I received a copy of this book from the publisher on NetGalley.
Things A Bright Girl Can Do had a stand at YALC as well, and although I didn’t pick up a proof, I was approved for a NetGalley copy, so I was pretty chuffed. The story of three teenage suffragettes and suffragists was definitely something that piqued my interest, and I was on board from the first page.
Through rallies and marches, in polite drawing rooms and freezing prison cells and the poverty-stricken slums of the East End, three courageous young women join the fight for the vote.
Evelyn is seventeen, and though she is rich and clever, she may never be allowed to follow her older brother to university. Enraged that she is expected to marry her childhood sweetheart rather than be educated, she joins the Suffragettes, and vows to pay the ultimate price for women’s freedom.
May is fifteen, and already sworn to the cause, though she and her fellow Suffragists refuse violence. When she meets Nell, a girl who’s grown up in hardship, she sees a kindred spirit. Together and in love, the two girls start to dream of a world where all kinds of women have their place.
But the fight for freedom will challenge Evelyn, May and Nell more than they ever could believe. As war looms, just how much are they willing to sacrifice?
With three girls from very different backgrounds championing this story of the fight for women’s suffrage in immediately pre-WWI England, there was a diverse approach to how women saw themselves and sought the freedom to be themselves in stifling Edwardian (what a misnomer, the monarch at the time was George V) and WWI times.
All three main characters were interesting, especially Nell and May, and their relationship. The clash of cultures between them and their differing values on war, violence, money, class, and their difficulties navigating those made for some really interesting conflicts, especially because we were in the heads of both girls at times. Evelyn, the third character, was less compelling, probably because a lot of her rebellion seemed to be teenage chafing against the constraints of what was laid out for her in life, and she dropped it before too long.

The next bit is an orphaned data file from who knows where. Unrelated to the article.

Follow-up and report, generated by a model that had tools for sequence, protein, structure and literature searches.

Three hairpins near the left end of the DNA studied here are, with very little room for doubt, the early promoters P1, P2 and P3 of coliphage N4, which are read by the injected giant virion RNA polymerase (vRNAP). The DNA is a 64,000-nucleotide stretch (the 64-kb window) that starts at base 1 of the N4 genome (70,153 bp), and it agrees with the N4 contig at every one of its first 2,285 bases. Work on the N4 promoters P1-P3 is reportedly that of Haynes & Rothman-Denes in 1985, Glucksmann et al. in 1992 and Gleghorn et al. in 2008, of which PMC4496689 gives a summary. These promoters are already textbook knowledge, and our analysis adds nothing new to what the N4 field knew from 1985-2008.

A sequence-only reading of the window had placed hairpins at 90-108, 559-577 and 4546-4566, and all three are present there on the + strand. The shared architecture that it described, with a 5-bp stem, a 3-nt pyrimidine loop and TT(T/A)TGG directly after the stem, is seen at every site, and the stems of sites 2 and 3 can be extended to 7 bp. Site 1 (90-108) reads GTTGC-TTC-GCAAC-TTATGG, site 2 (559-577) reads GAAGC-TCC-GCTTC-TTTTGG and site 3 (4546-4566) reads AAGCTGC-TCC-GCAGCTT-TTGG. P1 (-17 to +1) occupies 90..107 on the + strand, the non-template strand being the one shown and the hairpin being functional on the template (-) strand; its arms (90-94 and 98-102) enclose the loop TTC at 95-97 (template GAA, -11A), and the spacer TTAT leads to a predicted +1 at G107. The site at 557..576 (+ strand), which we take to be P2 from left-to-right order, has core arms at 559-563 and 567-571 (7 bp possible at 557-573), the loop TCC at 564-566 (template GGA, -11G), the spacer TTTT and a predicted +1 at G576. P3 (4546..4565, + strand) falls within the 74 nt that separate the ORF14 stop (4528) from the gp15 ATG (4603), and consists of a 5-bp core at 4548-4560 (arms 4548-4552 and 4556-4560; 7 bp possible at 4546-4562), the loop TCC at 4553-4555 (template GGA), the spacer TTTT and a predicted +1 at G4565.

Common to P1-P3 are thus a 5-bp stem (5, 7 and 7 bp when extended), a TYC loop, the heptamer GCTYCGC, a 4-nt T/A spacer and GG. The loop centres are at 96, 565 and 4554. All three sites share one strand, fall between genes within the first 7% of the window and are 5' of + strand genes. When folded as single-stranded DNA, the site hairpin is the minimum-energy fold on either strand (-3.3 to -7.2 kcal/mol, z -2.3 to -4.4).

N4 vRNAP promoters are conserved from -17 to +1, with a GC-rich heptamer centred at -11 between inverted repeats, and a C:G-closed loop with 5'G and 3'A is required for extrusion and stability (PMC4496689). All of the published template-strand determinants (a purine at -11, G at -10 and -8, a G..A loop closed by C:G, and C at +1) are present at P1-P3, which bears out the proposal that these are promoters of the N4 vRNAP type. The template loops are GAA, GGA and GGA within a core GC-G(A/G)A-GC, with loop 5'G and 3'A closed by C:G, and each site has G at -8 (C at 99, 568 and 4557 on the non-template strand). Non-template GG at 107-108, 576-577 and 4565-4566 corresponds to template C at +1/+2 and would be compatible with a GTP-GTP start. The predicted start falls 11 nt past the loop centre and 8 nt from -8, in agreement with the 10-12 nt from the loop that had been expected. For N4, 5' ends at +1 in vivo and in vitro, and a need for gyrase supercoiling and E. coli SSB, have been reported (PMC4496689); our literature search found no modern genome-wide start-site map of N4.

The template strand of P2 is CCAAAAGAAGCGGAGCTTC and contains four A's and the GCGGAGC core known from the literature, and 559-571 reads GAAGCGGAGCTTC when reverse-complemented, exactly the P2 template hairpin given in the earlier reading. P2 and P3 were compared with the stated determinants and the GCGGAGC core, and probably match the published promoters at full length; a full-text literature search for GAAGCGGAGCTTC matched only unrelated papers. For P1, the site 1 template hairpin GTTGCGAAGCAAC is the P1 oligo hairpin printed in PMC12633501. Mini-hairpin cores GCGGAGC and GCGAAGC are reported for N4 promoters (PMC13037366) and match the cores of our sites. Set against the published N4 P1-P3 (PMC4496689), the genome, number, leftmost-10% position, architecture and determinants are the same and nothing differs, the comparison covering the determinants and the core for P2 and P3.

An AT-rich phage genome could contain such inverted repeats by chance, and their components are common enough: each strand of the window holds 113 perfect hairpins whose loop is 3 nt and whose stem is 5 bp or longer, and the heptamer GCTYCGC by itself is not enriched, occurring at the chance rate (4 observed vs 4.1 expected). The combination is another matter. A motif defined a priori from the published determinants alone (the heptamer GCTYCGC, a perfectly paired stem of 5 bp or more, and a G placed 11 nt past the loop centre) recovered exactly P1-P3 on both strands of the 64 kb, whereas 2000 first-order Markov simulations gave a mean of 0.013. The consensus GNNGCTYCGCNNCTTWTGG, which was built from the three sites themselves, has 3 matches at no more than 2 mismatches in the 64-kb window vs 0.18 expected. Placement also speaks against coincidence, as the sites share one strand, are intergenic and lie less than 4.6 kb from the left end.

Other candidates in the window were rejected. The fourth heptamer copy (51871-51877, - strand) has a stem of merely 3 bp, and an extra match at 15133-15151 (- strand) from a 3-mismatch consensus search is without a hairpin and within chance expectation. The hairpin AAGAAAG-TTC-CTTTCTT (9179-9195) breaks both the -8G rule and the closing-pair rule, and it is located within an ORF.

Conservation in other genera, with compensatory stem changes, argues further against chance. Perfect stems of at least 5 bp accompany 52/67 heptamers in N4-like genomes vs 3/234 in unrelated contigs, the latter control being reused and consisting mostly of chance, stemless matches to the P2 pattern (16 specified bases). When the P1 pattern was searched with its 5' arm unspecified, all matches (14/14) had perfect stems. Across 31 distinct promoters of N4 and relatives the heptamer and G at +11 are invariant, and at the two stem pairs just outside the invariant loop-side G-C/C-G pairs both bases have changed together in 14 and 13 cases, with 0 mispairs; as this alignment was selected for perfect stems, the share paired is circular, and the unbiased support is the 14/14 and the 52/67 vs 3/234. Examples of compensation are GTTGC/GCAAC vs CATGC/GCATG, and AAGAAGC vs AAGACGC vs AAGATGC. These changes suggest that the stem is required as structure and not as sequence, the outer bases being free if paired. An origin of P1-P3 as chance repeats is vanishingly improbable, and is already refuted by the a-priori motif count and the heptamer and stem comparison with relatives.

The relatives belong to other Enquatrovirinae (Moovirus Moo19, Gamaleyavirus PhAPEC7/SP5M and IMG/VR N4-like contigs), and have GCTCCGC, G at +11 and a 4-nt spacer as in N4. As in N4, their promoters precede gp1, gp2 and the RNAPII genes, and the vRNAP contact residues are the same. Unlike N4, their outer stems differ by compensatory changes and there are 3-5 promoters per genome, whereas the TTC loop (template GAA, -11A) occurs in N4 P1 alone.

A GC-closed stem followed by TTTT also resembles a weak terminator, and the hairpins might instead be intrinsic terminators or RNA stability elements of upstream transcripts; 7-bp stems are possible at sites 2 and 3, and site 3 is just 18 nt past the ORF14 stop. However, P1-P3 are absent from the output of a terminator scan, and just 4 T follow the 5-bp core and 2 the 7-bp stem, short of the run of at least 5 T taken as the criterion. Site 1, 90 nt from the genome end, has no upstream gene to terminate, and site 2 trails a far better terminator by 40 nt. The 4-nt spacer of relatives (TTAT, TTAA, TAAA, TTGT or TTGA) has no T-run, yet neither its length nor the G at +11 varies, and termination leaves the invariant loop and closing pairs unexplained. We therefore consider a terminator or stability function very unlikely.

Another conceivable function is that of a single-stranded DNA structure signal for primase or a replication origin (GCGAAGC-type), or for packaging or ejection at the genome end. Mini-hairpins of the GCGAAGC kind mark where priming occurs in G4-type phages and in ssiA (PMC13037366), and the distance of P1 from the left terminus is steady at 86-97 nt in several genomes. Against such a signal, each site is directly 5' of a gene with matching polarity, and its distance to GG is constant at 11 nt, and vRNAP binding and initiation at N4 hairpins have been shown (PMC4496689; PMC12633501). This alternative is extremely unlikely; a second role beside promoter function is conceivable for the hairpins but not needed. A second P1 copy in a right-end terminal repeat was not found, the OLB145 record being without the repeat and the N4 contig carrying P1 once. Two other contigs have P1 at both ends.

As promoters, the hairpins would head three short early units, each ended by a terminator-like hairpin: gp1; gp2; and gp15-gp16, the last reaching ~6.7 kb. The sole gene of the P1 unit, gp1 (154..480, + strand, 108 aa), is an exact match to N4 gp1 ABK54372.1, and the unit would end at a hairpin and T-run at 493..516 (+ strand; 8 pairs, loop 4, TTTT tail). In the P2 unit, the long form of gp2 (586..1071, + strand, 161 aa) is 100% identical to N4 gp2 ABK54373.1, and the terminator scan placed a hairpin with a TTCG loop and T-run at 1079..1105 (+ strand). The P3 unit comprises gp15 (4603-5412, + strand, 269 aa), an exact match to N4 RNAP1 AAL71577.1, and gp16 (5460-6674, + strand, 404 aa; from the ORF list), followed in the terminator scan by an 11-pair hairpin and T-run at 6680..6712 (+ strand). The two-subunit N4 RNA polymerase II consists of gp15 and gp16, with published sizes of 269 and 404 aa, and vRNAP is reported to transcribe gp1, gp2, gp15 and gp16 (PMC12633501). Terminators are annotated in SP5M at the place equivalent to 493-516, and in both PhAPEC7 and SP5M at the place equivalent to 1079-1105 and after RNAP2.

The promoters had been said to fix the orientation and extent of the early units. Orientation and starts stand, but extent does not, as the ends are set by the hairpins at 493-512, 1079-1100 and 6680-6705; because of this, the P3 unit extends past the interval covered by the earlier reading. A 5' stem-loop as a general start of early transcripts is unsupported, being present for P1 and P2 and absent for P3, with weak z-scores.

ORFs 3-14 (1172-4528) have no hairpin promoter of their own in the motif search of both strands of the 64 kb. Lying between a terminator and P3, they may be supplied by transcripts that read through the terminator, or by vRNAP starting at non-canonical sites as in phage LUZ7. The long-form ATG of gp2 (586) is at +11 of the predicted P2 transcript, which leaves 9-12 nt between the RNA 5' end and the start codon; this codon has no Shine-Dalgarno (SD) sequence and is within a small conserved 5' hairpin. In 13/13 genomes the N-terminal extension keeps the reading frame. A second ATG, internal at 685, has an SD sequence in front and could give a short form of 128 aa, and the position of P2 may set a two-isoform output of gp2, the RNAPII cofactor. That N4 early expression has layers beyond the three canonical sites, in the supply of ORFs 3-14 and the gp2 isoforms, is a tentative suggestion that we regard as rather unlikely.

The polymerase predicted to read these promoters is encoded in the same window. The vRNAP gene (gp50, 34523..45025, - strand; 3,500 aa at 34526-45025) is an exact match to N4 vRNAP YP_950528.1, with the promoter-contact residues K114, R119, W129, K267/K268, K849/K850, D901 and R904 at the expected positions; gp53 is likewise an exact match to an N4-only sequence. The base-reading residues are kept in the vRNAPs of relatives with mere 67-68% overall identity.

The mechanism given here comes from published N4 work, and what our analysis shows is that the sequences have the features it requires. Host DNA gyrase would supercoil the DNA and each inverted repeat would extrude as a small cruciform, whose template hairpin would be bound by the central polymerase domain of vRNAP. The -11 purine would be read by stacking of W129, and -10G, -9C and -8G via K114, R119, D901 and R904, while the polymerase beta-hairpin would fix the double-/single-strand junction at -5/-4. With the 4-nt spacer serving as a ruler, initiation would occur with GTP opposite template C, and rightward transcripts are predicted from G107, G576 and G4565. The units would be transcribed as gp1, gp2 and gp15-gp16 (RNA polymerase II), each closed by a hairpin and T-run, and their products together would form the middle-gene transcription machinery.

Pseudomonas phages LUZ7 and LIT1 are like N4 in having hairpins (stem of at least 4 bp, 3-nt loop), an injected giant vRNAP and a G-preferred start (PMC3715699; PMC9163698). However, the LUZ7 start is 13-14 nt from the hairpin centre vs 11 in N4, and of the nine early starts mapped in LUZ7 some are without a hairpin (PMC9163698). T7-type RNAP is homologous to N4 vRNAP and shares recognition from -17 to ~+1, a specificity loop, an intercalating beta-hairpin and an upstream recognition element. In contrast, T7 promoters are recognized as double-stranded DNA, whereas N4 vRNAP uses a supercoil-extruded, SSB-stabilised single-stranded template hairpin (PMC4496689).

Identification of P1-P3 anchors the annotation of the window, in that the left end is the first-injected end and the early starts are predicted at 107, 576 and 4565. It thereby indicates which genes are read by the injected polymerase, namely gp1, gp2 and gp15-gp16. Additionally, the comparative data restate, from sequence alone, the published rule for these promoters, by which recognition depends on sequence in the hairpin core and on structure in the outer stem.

I really thoroughly enjoyed the commentary on class, war, suffragism, suffragettes, women’s rights, poverty, and the impact of the outbreak of WWI on all aspects of life, including jobs for women and their position in society. All of these historical discussions were compelling, and all the more interesting as they were framed around the lives of individuals, which made them seem all the more real.
However, as I got further into the book, and it skipped more and more chunks of time, I really felt disconnected from the three main characters as people. The first 50% of the book was really excellent, and I felt connected to and empathised with all three girls (women?). However, as war broke out, and the chapters of the book became shorter and more disjointed, and there were larger and larger chunks of time between sections, I lost interest in all three girls and their struggles.
Disappointingly, I finished this book feeling a little apathetic about all three main characters. For historical commentary, it was spot on, but for characterisation and emotion, Things A Bright Girl Can Do struggled more the further in it got.